What is Yuba?

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Have you ever heard of yuba before? Well, if you’re familiar with tofu, you’re not far off.

Guess what yuba is made of? Soybeans of course. For some strange reason I think everything in Japan has just a little bit of soybean in it. How can I explain yuba? Well, I’m no expert on the subject or anything, but yuba is kind of like a by-product of the tofu making process.

Please check out the post I did on tofu a while back. In that post I put up a video of the tofu-making process that I saw on YouTube. I thought it was really well done and gave me a really clear picture of exactly how tofu is made. Sorry, back to yuba.

How is Yuba made?

Yuba is comes from boiled soymilk. The residue or skin that accumulates as the soymilk boils is skimmed off, and dried…and there you have it…yuba?

What’s Yuba’s texture like?

Yuba is a bit chewier than its tofu counterpart.
Yuba is soft and kind of wrinkly, as it’s a residue that’s skimmed off in the tofu process.

How Does Yuba Taste?

From the looks of it, yuba doesn’t seem like it would taste like much, and I guess you’re kind of right. Just as tofu doesn’t have much of a flavor, neither does yuba. But throw a little soy sauce on that bad boy, or add it to soup or nabe, and you’re in business!!

I like yuba, I think it’s really tasty, but to each is own . If you haven’t please give it a try, you might like it.

I honestly don’t know if you can find yuba all over Japan, but there are definitely places where it’s a very famous delicacy. The first place I tried Yuba was in Kyoto, and I rather enjoyed it. The second place was in Nikko. In Kyoto I just had fresh yuba by itself, but in Nikko, I had yuba soba for the very first time. THAT STUFF WAS SUPERB!! It was a slightly cool day, and this hearty bowl of soba/yuba soup really hit the spot. I don’t remember the name of the restaurant unfortunately…ugh!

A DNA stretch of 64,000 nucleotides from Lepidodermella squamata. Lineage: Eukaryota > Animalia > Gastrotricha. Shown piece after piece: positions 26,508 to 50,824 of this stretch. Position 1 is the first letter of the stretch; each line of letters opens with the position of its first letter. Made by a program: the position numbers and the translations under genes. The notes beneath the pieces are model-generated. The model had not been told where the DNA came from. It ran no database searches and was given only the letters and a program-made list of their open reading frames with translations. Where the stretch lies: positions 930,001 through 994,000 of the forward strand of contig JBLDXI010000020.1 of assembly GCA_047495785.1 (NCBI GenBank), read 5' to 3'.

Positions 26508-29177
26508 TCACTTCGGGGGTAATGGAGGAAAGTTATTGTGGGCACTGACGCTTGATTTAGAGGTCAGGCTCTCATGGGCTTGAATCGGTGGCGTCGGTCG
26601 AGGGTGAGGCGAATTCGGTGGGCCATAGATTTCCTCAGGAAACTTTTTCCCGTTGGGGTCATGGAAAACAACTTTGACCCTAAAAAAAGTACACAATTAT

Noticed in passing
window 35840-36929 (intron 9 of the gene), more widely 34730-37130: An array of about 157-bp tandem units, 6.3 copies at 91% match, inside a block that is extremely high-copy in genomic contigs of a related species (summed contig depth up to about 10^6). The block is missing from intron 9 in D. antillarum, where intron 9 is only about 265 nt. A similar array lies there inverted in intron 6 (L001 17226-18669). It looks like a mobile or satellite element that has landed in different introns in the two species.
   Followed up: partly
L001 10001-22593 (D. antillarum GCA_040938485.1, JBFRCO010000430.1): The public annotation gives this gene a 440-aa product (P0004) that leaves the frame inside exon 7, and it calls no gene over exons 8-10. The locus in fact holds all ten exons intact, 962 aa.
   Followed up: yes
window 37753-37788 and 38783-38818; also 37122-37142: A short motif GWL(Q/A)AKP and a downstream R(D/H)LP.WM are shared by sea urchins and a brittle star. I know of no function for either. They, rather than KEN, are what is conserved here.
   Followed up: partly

The smaller dish on the left is fresh yuba, and the piping hot bowl next to it is yuba soba. That soup was INCREDIBLE! You have to try it if you have the chance.

Yuba’s not for everybody, just like tofu isn’t for everybody. The odds are if you enjoy tofu, you’ll like yuba, too. Have any of you tried yuba before? On a scale of Incredibly good to yuck, what did you think?

See you next time,

p.s.-Seeing as how the process, in theory seems so simple, I’m thinking of trying to make yuba myself.

p.p.s- I found this short video of yuba being made in Kyoto. It will give you a clearer idea of what it is if you’ve never seen it before.

Donald Ash
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  • dochimichi1

    Have you ever tried to cook with it?
    Tried it deep-fried once, and it didn’t work very well. When I bought it I thought there will be tons of recipies online, but couldn’t find much. If you had a pack of yuba sheets, would would you do with them? Because I don’t think I’ll get to experience that Nikko yuba soba any time soon, and I’m curious (-:

    • Donald Ash

      Hi dochimichi. I haven’t tried cooking with it before, but I’d like to. I’ve never tried deep fried yuba, but I could see how you might want to try making it. It’s the contrast of the crispy and soft, kinda like an onion ring. Hmm, what would I do with a pack of yuba sheets? That’s an awesome question. Being that my experience cooking with yuba is limited, I would probably add a little soy sauce and just go for it. But I now you’ve got me thinking about recipes. Any readers out there got any cool yuba recipes?

      Thanks for posting.

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